“The key to abundance is meeting limited circumstances with unlimited thoughts.” – Marianne Williamson, American Author
“Many creative people are finding that creativity doesn’t grow in abundance, it grows from scarcity – the more Lego bricks you have doesn’t mean you’re going to be more creative; you can be very creative with very few Lego bricks.” – Jorgen Vig Knudstorp, Chairman of Lego
A scarcity or abundance mentality can wreak havoc on setting prices for your offers.
I was recently in a conversation about this very topic with a friend who was struggling over how to price a new service offering. On one hand she really wanted to help certain businesses get an online advantage they desperately needed. But that meant pricing it both below market AND below the value of my friend’s experience and skills – and below the actual revenue difference her service would make for these businesses.
Her motivation was one of abundance: 1) offering a service based on unique skills and experience she has; and 2) helping create more revenue for these businesses. Her concern was that these businesses would have a scarcity mentality – which they often do because they’re driven by a short-term view of cash flow, frequently a cycle that’s almost impossible to pull out of.
Turns out pricing benefits from a thoughtful, informed, and methodical approach along with really good marketing to back it up. Letting an abundance or scarcity mentality into the process muddies the waters – both in setting pricing AND in paying a price.
So, what role does an attitude of abundance play in business? Or in pricing? Because it really feels like it’s important in having an offer that feels generous (vs. mean) and abundance affects that equation.
In the larger picture of marketing, pricing plays a particular role in:
- Reflecting the value exchange between customer and business;
- Signaling the positioning of the offer in the market (compared to competitors both perceived and real); and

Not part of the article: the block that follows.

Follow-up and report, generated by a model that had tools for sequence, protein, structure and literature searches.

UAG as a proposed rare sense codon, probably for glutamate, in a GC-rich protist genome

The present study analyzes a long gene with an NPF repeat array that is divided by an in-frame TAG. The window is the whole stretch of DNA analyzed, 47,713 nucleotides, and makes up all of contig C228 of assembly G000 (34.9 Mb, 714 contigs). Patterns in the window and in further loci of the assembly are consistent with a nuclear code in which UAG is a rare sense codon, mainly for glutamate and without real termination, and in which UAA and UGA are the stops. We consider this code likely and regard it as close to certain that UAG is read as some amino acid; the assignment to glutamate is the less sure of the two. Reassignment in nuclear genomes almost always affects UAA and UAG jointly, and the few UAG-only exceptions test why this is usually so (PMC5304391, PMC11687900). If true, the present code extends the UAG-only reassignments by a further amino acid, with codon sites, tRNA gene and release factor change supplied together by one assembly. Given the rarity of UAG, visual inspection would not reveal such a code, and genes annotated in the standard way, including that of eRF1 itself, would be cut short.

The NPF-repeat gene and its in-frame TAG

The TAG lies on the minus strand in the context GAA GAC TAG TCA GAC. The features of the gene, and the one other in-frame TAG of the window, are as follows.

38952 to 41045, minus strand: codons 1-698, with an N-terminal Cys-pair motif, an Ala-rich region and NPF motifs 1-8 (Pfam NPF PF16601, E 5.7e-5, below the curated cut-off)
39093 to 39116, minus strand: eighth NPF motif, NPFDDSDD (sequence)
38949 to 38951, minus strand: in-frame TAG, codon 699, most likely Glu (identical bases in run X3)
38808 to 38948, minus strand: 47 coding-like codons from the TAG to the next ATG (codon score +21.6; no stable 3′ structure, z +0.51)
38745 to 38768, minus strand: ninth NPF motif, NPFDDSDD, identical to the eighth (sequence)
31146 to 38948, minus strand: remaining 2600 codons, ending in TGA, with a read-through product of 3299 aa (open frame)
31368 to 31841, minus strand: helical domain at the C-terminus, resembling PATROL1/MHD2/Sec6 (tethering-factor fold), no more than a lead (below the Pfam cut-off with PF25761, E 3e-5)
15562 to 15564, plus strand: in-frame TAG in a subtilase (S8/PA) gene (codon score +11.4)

- Ensuring the value exchange can continue (the business can keep running and the customer can continue to have a reliable source).
Many businesses short circuit this whole process of figuring out the equation and use a cost-plus basis for pricing. This essentially boils down to both spreadsheet work and an attitude of scarcity: simply setting the price so that it covers the cost plus a little profit. That attitude actually hampers creating pricing that reflects the real value that’s exchanged – because it doesn’t include the value the customer experiences in the price.
That scarcity attitude drives the business to price it as low as they can to just cover costs and a small profit. And that scarcity gets signaled to the buyer so that the business ends up being positioned in a less than favorable light – and easily replaced by a competitor. Why? Because the customer will comparison shop using price as the primary measure, rather than additional value they get from the exchange: speedy service, status, a relaxing experience, additional features, a personalized process – to name a few examples.
Getting back to the question: where do abundance and scarcity best fit in this equation?
An experience of abundance
One of the best applications of an abundance mentality creates the experience of great service – an abundance of great service, always available whenever the customer shows up, in person or online. When customers walk away after a purchase feeling like they can count on being treated well, they WILL return. And return customers are the best deal ever – very little acquisition cost for that other than what you roll into the purchase experience to begin with.
The assumption of scarcity
When your business has figured out how to solve a unique problem that people have been putting up with – a gap they’ve adapted to – and you do it well, then you stand out in the market. Your business becomes a scarce resource to be sought out for this special value you offer. Your task is to uncover this particular scarcity and then make sure people hear about your solution. Essentially, your business becomes a scarce resource to your market. That is how scarcity can work well for you.
Misuse of scarcity and abundance mentality
Magical abundance mentality thinking that says something like ‘make it and they will come’. That happens after you do the hard work to identify the value people are searching for and then get the word out about what you offer. This needs to be a labor of love – and if you find the sweet spot, then you’ll have abundance.
Fear-based scarcity about a lack of customers that drives low pricing and an uneven value exchange. Here’s the thing about a lop-sided value equation: it creates tension – customers can feel it and most are going to shy away from that experience.
Thoughts of scarcity or abundance are mindsets that we can use to our benefit. Used wisely and they lead to generous experiences, creativity, and opportunities. They aren’t intrinsically good or bad. Instead, they are part of our toolbox for shifting situations and creating something meaningful out of the resources we have at hand.